A online Zoom event beginning at 8.00 pm
In his new book London Clay (‘action-packed, erudite’ — The Times), Tom Chivers follows hidden pathways, explores lost islands and uncovers the geological mysteries that burst up through the pavement and bubble to the surface of our streets. In this special webinar, Tom will discuss some of London’s most intriguing hidden sites — from Roman temples and abandoned Tube stations to buried playhouses and underground rivers — and explain how his journeys across the city lead back to Bankside and The Rose — his ‘personal ground zero’.
“A beguiling mix of history, geology, folklore and memoir that captivated me from the first page.” Lara Maiklem
Tom Chivers is a writer, publisher and arts producer. He was born in 1983 in south London. He has released two pamphlets and two collections of poetry, the latest being Dark Islands (Test Centre, 2015). His poems have been anthologised in Dear World & Everything In It and London: A History in Verse. He was shortlisted for the Michael Marks and Edwin Morgan Poetry Awards and received an Eric Gregory Award in 2011. Tom has made perambulatory, site-specific and audio work for organisations that include LIFT, Cape Farewell, Humber Mouth and the Southbank Centre. He was writer-in-residence at the Bishopsgate Institute and associate artist of the National Centre of Writing. In 2009 he presented a documentary for BBC Radio 4 about the poet Barry MacSweeney. In 2011 an animated film of his poem “The Event” was broadcast by Channel 4’s Random Acts. His nonfiction debut, London Clay: Journeys in the Deep City, was released in September 2021 by Doubleday Books. He lives in Rotherhithe with his wife and daughters.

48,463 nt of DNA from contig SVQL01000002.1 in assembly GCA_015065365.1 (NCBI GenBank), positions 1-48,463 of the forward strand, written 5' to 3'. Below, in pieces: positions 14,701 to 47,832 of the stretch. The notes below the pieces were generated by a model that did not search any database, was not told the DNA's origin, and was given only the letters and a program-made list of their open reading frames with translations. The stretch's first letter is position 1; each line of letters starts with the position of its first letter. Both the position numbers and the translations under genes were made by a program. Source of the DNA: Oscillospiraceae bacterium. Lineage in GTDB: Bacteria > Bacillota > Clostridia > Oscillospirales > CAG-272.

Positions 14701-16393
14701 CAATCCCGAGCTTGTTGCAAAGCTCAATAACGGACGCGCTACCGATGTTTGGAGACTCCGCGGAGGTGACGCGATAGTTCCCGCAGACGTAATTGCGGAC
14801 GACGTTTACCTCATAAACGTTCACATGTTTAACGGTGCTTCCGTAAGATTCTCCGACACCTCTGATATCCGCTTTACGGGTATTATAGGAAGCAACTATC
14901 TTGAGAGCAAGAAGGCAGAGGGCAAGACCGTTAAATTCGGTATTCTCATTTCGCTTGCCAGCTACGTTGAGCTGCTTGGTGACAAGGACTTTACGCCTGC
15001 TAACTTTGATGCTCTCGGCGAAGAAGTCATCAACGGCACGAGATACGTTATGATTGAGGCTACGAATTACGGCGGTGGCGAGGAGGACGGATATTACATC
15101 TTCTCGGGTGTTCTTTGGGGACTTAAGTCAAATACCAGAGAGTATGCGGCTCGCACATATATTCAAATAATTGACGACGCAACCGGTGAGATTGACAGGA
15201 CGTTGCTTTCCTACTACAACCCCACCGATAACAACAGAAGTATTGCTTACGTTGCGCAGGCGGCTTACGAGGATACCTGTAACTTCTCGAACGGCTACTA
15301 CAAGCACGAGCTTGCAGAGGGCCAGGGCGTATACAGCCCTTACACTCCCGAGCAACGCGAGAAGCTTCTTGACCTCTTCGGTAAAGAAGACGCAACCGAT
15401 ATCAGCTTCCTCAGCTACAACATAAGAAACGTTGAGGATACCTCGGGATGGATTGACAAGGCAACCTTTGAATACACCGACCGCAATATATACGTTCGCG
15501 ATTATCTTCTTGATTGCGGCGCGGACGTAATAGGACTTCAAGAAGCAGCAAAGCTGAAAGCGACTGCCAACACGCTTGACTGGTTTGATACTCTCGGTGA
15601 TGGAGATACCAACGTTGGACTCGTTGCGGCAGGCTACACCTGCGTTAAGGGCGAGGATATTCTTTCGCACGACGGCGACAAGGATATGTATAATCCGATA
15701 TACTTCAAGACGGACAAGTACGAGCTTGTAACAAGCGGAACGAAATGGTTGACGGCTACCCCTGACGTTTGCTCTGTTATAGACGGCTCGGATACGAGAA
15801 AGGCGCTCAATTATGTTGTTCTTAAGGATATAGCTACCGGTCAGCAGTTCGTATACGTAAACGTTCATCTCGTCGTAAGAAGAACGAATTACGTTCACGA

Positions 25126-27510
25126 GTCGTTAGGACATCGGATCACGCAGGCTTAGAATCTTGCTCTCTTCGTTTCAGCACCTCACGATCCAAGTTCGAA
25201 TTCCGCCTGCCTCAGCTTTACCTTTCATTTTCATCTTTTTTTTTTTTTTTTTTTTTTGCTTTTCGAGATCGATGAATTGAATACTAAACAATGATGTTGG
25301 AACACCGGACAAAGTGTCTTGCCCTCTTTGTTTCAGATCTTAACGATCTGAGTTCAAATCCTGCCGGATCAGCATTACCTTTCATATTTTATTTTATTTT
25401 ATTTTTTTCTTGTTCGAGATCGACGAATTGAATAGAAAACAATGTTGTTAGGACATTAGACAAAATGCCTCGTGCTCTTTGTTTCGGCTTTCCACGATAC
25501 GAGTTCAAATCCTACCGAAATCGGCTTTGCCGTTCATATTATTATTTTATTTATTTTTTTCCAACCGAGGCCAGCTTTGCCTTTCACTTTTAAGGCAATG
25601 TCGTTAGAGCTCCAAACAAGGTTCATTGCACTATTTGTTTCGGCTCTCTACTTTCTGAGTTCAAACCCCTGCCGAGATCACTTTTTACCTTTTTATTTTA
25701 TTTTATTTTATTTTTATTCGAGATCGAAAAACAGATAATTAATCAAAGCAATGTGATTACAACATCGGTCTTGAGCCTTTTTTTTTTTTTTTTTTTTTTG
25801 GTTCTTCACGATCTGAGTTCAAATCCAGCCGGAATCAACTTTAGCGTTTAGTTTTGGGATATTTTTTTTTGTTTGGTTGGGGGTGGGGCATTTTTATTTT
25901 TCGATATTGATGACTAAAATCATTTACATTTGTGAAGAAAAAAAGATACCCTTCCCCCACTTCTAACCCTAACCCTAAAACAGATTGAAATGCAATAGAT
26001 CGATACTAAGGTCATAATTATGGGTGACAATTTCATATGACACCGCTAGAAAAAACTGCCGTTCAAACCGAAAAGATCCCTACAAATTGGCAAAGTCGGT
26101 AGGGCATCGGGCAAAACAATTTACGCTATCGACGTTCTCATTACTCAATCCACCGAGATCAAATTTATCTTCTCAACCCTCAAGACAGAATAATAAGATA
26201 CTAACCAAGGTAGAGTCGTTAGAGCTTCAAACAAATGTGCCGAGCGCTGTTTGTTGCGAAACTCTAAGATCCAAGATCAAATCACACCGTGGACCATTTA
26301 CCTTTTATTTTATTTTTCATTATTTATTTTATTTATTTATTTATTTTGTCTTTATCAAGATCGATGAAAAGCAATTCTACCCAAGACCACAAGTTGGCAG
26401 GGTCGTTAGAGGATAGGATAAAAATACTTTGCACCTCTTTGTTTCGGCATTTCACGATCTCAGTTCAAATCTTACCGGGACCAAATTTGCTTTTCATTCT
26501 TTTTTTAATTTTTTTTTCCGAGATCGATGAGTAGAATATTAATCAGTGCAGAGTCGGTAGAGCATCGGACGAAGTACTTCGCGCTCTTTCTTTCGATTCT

Tickets are £6 (concessions are available for Friends of The Rose and students) and can be booked through TryBooking by clicking here. You will receive a link to this Zoom event via email. Any additional contributions for The Rose Playhouse will be much appreciated and go towards funding the Rose Revealed Project.
Please note that booking for this event will close at 7.00 pm on 11 January.
Photo: Akiko DuPont
The Rose is an indoor archaeological site; it is advisable to dress warmly because there is no heating. There are no toilets, so please use those at Shakespeare’s Globe, which is 200 metres away.